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History of the People, by the People, for the People September 11, 2006

Posted by McStorian in ClioWired.
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Blogs, personal accounts, and oral history collection has occurred at such an unprecedented rate in the past few years, it will be interesting to see how such an abundance will shape text-based histories in the near future.  Histories are, at least to an extent, reflections of the sources available.  In the past, writers may only have had access to government, aristocratic, mercantile, or other political and economic resources.  Those manuscripts would certainly have lacked the voice of the common man.   The September 11th collection is the exact opposite of those whiggish books of the past.  Granted, authors today are much more prone to find a voice for those that have heretofore been silenced.  Sometimes historians overstep bounds to allow particular groups agency, but it has certainly been a change for the better in my opinion.  Today, we are confronted with tens of thousands of voices from all over the world.  Blogs, websites, listservs, along with traditional newspaper, political, and economic sources paint an extremely elaborate, diverse, and dense image of potentially the same event, especially when the people seem to be at odds with the “official narrative” coming from the government.  The Colonial American historian, therefore, is presented with the opposite problem from which he or she is used to: overabundance.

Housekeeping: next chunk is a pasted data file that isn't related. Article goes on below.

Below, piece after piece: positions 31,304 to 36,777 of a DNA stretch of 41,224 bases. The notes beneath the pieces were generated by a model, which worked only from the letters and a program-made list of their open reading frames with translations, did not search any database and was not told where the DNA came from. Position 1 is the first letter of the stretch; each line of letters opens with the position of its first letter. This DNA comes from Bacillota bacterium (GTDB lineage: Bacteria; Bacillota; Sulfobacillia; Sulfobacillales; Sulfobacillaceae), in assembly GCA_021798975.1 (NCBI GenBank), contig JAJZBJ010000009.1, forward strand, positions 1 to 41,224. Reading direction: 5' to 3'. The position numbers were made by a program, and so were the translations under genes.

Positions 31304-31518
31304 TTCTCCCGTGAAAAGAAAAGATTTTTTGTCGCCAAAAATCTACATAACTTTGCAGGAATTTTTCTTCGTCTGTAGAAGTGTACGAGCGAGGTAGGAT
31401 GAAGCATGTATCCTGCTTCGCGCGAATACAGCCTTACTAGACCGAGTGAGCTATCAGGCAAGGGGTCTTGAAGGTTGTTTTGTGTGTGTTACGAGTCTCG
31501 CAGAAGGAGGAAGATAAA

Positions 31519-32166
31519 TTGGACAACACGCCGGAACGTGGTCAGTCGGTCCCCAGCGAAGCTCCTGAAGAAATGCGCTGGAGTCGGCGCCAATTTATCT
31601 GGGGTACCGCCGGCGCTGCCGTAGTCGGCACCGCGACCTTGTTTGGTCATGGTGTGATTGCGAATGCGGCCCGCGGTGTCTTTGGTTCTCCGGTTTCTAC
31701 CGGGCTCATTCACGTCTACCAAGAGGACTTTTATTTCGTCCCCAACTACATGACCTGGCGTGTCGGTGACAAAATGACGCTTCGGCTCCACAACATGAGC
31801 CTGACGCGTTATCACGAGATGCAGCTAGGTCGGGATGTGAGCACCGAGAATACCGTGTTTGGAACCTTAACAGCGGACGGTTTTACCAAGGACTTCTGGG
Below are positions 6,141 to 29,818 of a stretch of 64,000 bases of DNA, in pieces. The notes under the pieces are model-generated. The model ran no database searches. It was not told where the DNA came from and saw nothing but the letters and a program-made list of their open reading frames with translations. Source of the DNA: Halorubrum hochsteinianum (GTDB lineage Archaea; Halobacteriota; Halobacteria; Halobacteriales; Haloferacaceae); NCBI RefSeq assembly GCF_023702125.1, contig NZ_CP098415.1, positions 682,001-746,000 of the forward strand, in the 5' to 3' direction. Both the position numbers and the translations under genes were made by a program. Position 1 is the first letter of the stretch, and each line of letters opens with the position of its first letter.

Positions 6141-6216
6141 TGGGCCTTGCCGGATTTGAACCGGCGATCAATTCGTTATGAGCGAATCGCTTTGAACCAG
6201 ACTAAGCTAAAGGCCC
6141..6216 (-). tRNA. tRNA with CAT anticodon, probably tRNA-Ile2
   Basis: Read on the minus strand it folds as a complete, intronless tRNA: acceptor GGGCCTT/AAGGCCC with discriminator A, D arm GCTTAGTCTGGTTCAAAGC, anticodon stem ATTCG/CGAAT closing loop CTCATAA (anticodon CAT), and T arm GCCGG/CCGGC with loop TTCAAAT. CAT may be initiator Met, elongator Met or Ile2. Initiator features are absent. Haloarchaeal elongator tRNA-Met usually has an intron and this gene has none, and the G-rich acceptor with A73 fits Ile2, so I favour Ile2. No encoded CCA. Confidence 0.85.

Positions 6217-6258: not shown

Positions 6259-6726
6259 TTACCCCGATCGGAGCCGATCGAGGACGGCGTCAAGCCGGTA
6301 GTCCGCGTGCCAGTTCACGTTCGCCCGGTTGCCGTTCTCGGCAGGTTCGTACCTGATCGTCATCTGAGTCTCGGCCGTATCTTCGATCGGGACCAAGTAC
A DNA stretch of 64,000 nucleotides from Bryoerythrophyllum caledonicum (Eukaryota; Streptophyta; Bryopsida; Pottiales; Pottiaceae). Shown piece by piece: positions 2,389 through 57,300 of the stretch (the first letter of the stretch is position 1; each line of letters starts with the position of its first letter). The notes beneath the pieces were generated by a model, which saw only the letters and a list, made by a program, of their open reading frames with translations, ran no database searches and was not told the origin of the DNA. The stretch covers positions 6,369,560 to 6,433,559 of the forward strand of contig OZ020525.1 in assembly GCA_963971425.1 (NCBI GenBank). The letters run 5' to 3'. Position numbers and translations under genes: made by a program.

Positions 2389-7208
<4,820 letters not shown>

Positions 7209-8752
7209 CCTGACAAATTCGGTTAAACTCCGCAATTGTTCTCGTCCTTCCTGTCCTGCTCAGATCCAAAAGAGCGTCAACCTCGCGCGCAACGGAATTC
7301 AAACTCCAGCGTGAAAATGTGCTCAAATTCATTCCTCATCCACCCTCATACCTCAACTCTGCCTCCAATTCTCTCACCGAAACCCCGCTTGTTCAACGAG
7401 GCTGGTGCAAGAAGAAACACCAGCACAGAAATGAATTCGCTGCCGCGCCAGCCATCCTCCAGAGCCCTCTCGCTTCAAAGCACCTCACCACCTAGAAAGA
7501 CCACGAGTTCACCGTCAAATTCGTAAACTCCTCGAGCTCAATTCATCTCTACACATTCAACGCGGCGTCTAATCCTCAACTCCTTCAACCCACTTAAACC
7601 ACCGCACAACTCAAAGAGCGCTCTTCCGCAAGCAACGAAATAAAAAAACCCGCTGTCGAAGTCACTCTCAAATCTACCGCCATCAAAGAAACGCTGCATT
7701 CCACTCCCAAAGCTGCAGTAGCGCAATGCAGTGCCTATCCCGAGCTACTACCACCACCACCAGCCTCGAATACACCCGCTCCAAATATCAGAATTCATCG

This overabundance will certainly change the shape of printed histories in the future (Assuming that printed history will still be the discipline’s standard).  As expressed in Digital History, one of the primary purposes of collecting such a huge amount of personal reflection is for the future historian to utilize.  It seems like a book published 20 years from now about September 11th will be hard pressed to not be 500 pages long considering the political, social, and economic causes of the attack as well as the political, social, and economic ramifications.  Even focusing on just one aspect will unearth giant volumes of information.  The historian is presented with several major issues: 1. will the data still be accessible when it comes time for “objective” historians to make sense of the events in a larger global 21st century perspective?  Preserving the information will likely take much more time, money, and effort than in collecting it.  Archives might have to be choosy about what they accept and much might be lost to the hands of digital time – like the boxes of WANG disks that we have here in our archive that no one can access because Wang went out of business 20 years ago.  2. Will the sheer volume make such collections unwieldy?  As mentioned in Digital History, most historians have had the experience of searching hundreds or thousands of written entries for the few and far between nuggets of significance.  With Sept. 11th, historians are faced with hundreds of thousands of entries, all of which are interesting and information-filled in their own right.  That leads to problem 3. Making sense of it all.  Sure, that’s the historian’s job and probably the easiest of the three to solve, but it still seems like a daunting task.  In any event, such collection efforts will certainly have a drastic impact on the histories of the future, as the focus will likely shift even further away from the “traditional” types of data to the more individualistic, inward looking sources of the Internet.

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